PHP Development V/S Asp.Net Development Development V/S PHP Development

PHP Development V/S Asp.Net Development

Some thoughts from a seasoned developer turned business owner.

As the owner of a Microsoft-centric custom web development company, I am often asked the question, Why don’t you use PHP? There are many people who even come up to me and tell me that Microsoft web development is a conflict in terms. Sometimes, this causes me to reflect and ask myself if this is in fact true. Should I be developing in PHP, or should I continue with Microsoft?

I am not the type to argue that one technology is somehow inherently better than the other. To be clear, we are talking about PHP vs. ASP.Net. I have programmed in both, although admittedly I have much more experience with ASP.Net than PHP. But I am aware of the pros and cons to each platform and have read countless articles about how PHP is better than .Net, and an equal number of articles about how ASP.Net is better than PHP. Each article usually follows with droves of predictable comments where people keep trying to make points that one is better than the other and belittle the other commenters who don’t share their views.

This article is not about why .Net is better than PHP, or even if that is in fact true. Rather, it is about why I chose ASP.Net platform for application development of my clients. I can tell you that I did not choose ASP.Net because it is somehow better than PHP, there’s almost no way to define better in simplistic or general terms. I did it for other reasons as you’ll see. Keep in mind that these are my personal reasons only, I’m sure there are plenty of points to be made on both sides which are irrelevant now since my business is pretty mature and we’re not planning on changing direction anytime soon.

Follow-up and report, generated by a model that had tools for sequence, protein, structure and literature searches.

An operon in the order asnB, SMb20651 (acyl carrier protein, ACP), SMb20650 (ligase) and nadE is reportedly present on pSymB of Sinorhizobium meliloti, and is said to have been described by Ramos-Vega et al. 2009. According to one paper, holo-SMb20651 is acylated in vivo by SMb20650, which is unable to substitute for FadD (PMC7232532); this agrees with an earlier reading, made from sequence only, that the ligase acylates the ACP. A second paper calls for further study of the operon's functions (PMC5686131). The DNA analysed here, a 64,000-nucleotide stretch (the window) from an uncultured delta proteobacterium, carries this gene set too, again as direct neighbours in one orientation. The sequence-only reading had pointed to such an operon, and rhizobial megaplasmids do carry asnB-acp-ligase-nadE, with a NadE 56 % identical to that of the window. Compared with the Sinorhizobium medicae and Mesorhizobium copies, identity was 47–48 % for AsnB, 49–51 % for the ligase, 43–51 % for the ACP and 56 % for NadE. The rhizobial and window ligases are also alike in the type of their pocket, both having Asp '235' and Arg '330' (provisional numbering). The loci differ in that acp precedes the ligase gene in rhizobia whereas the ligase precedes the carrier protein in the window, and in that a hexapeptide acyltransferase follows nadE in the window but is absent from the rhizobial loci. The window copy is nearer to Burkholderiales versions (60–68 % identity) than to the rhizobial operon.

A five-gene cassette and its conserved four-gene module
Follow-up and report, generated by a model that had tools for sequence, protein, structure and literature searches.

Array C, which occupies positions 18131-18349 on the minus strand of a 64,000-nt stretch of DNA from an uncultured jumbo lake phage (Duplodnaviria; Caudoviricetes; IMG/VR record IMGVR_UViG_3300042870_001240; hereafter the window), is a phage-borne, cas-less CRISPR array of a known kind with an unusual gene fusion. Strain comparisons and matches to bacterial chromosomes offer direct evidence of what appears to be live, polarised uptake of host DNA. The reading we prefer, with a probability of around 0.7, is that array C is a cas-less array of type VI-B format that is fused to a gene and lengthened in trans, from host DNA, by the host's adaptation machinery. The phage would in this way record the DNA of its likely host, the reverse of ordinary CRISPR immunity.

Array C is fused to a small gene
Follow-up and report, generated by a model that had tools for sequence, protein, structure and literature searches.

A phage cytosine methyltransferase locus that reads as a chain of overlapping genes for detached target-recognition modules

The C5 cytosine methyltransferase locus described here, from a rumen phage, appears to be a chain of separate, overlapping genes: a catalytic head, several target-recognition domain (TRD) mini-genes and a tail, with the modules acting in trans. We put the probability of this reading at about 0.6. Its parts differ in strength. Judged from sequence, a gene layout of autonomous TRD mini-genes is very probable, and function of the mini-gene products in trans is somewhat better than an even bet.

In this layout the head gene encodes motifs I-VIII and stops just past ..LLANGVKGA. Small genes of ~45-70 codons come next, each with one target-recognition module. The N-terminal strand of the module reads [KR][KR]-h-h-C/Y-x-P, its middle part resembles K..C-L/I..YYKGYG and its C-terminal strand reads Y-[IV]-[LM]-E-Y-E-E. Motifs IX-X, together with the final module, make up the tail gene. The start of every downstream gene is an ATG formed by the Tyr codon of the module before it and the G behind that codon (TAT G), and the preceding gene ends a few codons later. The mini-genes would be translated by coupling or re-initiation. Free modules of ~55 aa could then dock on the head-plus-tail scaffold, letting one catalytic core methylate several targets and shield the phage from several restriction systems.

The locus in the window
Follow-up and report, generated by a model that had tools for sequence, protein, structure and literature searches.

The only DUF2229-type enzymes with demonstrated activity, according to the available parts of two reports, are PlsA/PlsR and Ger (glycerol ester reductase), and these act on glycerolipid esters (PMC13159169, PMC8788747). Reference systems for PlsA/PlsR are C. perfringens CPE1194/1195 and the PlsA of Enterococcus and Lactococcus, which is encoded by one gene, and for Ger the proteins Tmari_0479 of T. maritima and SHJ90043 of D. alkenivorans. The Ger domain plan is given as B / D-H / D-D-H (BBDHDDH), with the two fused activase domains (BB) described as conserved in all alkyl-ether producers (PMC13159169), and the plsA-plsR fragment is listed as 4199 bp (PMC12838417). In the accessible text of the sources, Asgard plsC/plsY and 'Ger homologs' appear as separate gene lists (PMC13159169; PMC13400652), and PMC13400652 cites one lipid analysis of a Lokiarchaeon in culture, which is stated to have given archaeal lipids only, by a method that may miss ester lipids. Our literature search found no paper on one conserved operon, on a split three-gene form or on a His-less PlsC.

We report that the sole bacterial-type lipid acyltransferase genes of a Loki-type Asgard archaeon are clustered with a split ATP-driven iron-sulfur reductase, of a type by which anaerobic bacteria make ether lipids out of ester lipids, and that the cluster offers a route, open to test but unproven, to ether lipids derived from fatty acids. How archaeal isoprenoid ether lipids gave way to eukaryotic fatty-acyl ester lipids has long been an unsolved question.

Reason 1:  ASP.Net is supported by Microsoft, PHP is supported by a community of developers.

As a business owner, I feel more confident knowing that there is a real company behind my chosen platform. That company is there for me, providing updates and supporting the platform commercially. If I run into issues, I am not limited to posting for help on message boards, I can actually call them if it becomes necessary. Yes Microsoft does charge a fee for support, but at least it’s an option. With PHP, there is plenty of message board help, but there is no one that I could call for help other than perhaps another PHP development company.

Reason 2: ASP.Net has a well-defined garden of features, PHP has a lot of 3rd party plug-ins.

There are many other things that a developer needs in order to build a modern, robust web application that neither PHP nor ASP.Net can solely provide. With ASP.Net though, many of those things are incorporated into Visual Studio or otherwise provided by Microsoft. Source control is one example that comes to mind. Microsoft provides TFS for source control which integrates nicely into Visual Studio, or you can go with a 3rd party solution like SVN or CVS. But with PHP, there is no so-called built-in solution. There are only 3rd party ones which also generally work with ASP.Net so there’s no real advantage there. Change control is another area where TFS shines.